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Herbein Blog

21 Nov
2013

Energy Tax Controversy

Energy Tax Controversy

With the Pennsylvania gubernatorial race heating up, a controversial proposed energy tax is back on the table.  Severance taxes on natural gas production in Pennsylvania have been proposed for years, but Governor Tom Corbett decided to levy an impact free based on the number of wells drilled instead of a tax on the amount of gas produced.  In the two years that the impact fee has been in effect, more than $400 million has been collected and used for local governments and Pennsylvania programs.

With the election over a year away, several candidates for Governor have already stepped forward to support a severance tax on natural gas production.   U.S. Representative Allyson Schwartz and Former Secretary of the Department of Environmental Protection Kate McGinty both support a 5% severance tax.   Another former DEP Secretary, John Hanger, calls for reasonable severance taxes and expansion of Pennsylvania’s energy efficiency initiatives established under Governor Ed Rendell. Schwartz estimates that a 5% severance tax could generate up to an additional $600 million in state funds in its first year which she believes should be used to finance transportation projects including bridge repair.

Studies done in September 2013 show nearly 4,500 bridges in Pennsylvania are categorized as “structurally deficient” and in need of either repair or replacement.  Of the 4,500 structurally deficient bridges, 20 percent are located in Southwestern PA including  223  in Allegheny County, 173 in Washington County, 168 in Westmoreland County, 118 in Fayette County, 92 in Greene County and 71 in Beaver County.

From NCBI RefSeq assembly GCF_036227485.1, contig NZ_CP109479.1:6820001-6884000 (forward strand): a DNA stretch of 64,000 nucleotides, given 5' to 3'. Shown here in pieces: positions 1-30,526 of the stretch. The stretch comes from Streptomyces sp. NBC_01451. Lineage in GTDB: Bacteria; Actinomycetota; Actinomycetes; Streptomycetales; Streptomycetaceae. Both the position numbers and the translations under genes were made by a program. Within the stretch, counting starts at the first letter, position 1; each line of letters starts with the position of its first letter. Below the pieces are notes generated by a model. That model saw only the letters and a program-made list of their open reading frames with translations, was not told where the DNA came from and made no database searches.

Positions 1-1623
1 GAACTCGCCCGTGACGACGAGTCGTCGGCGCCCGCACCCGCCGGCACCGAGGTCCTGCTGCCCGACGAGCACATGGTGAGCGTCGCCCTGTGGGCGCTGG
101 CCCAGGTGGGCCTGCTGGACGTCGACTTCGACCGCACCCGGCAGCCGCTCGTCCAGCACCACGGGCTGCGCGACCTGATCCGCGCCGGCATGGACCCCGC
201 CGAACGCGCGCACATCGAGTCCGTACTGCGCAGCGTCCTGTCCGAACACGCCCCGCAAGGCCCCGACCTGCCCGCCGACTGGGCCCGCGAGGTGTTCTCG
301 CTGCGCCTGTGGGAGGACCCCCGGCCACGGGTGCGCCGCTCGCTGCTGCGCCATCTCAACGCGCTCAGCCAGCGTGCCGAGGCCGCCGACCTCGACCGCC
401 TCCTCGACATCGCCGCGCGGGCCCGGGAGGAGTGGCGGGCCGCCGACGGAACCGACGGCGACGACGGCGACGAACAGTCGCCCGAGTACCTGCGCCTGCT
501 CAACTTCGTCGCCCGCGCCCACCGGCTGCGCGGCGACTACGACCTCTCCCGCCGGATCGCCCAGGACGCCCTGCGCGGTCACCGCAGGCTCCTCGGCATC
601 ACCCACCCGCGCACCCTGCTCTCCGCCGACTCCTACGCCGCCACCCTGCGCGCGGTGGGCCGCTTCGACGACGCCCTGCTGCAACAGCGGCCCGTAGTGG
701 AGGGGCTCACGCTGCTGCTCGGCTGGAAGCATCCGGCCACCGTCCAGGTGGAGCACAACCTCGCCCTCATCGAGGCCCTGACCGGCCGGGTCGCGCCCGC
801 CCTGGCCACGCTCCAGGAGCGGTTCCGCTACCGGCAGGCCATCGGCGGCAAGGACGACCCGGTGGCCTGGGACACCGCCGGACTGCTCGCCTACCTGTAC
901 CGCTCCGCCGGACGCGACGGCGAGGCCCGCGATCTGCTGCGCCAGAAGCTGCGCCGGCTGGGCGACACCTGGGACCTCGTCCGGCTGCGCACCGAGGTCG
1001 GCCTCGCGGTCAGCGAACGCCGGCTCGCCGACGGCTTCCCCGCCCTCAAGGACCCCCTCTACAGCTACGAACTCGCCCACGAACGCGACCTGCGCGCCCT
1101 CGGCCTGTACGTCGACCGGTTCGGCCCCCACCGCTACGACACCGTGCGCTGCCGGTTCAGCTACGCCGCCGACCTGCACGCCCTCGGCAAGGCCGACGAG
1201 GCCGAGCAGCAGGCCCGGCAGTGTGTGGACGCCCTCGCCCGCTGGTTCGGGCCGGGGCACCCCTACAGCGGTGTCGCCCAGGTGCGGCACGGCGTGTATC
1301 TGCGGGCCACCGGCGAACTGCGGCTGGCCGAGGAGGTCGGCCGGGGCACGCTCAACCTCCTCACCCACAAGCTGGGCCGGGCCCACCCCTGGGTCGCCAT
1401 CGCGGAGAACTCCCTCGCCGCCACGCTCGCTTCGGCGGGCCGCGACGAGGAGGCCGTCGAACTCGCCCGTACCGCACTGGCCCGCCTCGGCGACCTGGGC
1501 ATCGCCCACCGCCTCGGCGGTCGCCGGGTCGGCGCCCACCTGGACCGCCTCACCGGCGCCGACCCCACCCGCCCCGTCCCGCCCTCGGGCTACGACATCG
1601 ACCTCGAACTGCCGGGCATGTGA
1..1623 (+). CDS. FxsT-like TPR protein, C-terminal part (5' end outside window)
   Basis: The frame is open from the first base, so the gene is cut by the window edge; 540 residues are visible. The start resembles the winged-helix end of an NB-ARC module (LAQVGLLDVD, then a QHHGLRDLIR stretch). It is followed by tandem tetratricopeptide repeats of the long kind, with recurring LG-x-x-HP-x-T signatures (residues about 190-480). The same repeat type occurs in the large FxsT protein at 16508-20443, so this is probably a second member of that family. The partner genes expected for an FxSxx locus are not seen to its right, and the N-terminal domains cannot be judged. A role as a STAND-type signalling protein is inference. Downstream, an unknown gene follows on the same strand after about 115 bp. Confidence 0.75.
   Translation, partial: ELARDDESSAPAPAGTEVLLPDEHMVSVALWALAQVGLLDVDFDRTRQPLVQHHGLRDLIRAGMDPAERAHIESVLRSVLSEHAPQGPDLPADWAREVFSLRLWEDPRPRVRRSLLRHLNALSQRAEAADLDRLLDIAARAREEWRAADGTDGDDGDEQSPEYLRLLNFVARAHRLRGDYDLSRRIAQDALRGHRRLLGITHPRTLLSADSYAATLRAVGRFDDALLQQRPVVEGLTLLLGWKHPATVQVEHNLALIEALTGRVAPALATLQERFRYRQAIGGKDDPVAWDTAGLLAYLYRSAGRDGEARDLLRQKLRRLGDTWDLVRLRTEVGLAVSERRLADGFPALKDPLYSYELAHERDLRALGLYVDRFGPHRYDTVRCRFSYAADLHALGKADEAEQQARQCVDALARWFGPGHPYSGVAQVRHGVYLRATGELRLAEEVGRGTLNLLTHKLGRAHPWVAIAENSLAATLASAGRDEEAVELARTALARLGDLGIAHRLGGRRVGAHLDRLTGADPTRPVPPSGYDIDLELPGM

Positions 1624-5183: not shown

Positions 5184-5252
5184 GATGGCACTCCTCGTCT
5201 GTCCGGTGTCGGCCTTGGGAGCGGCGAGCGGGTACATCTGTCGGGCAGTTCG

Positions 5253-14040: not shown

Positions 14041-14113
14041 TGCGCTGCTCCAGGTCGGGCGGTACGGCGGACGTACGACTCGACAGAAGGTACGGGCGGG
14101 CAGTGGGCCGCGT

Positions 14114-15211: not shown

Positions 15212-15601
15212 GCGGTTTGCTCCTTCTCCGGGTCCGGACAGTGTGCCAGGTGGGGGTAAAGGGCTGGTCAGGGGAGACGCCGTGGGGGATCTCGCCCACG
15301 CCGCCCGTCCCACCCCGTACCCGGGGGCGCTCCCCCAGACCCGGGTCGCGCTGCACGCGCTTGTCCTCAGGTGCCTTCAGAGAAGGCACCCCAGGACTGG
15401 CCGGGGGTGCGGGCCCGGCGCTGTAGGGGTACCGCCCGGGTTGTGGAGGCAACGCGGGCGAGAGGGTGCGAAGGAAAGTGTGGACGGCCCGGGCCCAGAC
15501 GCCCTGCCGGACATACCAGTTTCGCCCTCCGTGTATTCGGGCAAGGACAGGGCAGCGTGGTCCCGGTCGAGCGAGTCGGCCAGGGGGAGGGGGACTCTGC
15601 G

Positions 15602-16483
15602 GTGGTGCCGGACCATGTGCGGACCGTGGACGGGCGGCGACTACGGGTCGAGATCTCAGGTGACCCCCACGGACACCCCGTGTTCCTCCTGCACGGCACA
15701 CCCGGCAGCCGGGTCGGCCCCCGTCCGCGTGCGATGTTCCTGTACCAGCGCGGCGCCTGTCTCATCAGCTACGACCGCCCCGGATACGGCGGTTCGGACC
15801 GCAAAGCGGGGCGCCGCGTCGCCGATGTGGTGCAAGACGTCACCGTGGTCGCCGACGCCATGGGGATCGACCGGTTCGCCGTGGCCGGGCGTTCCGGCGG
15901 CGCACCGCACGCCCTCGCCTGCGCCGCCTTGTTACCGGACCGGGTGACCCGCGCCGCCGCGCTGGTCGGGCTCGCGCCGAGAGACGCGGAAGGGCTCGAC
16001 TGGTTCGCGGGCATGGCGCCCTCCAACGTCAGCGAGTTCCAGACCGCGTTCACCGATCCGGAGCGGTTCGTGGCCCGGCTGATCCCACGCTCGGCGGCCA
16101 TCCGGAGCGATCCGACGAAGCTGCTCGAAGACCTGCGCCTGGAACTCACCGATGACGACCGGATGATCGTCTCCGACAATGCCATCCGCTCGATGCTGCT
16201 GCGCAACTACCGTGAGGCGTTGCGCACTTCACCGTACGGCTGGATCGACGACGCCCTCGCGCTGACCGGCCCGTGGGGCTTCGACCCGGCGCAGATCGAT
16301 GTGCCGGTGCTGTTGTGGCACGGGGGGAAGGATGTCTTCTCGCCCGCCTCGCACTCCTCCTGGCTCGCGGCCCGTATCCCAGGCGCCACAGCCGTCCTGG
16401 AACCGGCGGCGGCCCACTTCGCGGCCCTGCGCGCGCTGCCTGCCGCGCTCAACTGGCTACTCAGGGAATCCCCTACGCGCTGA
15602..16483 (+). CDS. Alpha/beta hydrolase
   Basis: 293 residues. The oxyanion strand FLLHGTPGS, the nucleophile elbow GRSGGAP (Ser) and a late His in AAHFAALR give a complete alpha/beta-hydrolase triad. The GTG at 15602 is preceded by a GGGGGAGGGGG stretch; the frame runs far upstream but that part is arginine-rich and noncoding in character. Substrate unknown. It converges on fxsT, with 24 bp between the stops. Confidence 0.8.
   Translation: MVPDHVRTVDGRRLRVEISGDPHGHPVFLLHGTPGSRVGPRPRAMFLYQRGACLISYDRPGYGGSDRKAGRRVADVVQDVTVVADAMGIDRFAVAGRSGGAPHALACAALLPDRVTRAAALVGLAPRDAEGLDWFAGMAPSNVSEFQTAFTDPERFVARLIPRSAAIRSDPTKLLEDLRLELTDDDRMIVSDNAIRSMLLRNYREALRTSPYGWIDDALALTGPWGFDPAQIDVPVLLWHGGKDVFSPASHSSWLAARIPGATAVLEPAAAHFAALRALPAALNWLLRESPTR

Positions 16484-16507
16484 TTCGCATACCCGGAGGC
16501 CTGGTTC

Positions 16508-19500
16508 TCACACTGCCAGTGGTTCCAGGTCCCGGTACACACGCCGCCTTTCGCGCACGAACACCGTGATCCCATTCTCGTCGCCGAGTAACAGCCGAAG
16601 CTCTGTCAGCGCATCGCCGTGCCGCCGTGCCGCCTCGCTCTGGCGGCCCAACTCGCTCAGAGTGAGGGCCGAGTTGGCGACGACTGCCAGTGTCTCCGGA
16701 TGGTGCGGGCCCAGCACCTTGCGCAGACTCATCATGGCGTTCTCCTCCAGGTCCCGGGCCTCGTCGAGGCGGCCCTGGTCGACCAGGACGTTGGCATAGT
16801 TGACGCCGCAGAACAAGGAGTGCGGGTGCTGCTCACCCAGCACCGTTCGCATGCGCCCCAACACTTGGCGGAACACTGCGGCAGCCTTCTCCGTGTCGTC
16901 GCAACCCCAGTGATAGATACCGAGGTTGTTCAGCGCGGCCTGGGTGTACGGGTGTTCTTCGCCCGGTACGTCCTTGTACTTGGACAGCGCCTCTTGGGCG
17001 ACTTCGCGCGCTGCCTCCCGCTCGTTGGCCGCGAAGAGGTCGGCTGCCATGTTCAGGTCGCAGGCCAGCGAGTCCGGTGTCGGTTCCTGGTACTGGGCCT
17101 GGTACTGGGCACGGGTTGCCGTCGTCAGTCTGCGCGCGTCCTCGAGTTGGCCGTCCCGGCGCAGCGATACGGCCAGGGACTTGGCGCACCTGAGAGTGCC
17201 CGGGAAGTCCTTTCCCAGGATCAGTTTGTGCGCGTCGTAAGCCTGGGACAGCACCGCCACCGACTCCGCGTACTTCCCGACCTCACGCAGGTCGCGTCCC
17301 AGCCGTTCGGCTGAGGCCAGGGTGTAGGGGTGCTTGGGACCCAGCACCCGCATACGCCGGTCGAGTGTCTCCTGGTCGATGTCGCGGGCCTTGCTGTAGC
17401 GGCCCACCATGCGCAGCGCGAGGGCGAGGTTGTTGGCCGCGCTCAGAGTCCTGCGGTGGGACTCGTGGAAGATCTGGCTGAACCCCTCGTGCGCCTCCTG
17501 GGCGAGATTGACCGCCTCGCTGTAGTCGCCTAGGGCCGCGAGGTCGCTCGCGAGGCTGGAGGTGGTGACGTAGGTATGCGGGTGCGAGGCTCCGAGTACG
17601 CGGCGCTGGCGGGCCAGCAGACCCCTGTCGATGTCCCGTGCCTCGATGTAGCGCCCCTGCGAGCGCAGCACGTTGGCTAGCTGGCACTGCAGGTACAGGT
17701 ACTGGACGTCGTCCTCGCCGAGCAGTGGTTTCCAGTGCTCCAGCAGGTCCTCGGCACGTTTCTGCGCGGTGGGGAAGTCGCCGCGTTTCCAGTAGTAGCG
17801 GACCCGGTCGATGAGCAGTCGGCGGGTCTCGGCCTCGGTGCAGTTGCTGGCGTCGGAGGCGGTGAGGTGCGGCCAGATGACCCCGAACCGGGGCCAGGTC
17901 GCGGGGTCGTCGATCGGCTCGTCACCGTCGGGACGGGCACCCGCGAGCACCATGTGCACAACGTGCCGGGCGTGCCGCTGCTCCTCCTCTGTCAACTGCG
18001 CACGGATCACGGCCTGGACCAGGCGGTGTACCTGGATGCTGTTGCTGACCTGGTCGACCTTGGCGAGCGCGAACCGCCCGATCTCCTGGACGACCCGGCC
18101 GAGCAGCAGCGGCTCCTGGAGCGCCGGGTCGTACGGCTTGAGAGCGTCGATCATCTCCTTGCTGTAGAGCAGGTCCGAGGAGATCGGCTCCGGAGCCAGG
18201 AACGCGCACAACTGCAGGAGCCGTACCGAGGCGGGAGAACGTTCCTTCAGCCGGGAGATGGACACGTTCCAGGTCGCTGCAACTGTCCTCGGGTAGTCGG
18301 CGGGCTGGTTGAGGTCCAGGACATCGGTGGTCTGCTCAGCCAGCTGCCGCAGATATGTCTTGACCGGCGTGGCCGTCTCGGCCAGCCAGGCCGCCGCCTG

Over the past few years, the federals funds which have been used to repair the bridges have been milked dry, making the State Legacy Funds, funded with the impact fees, the primary method of funding the transportation network repairs.  This is what makes Candidate Schwartz’s proposed severance tax to replenish bridge funds so favorable to some voters.   However, while the severance tax could help bolster transportation funds, energy producers, related suppliers, and The Marcellus Shale Coalition are strongly opposed to the additional taxes.

The Coalition argues that with low natural gas prices and the discovery of competing shale formations across the country, drilling of new wells in Pennsylvania has already begun to slow. The Coalition believes that increased taxes, and  therefore the higher cost of production will lead to reduced production activity, reduced state and local revenues, fewer jobs, and a diminished economic impact on areas where drilling is prevalent.   Ms. Schwartz defends the proposed severance tax stating that other states with severance taxes, such as Texas and Oklahoma, have high rates of 7% or more, while her proposed tax would only be 5%.  The coalition is worried that even though the severance is at a lower rate, Pennsylvania’s corporate tax rates, which they argue are among the nation’s highest state tax rates, combined with the severance tax could be a crippling blow to energy producers in Pennsylvania.

The controversy over the severance tax has already gotten the attention of the shale and related industries and the controversy will likely continue as the November 2014 election approaches.

For additional information please contact the author Alex J. Patterson at ajpatterson@herbein.com.

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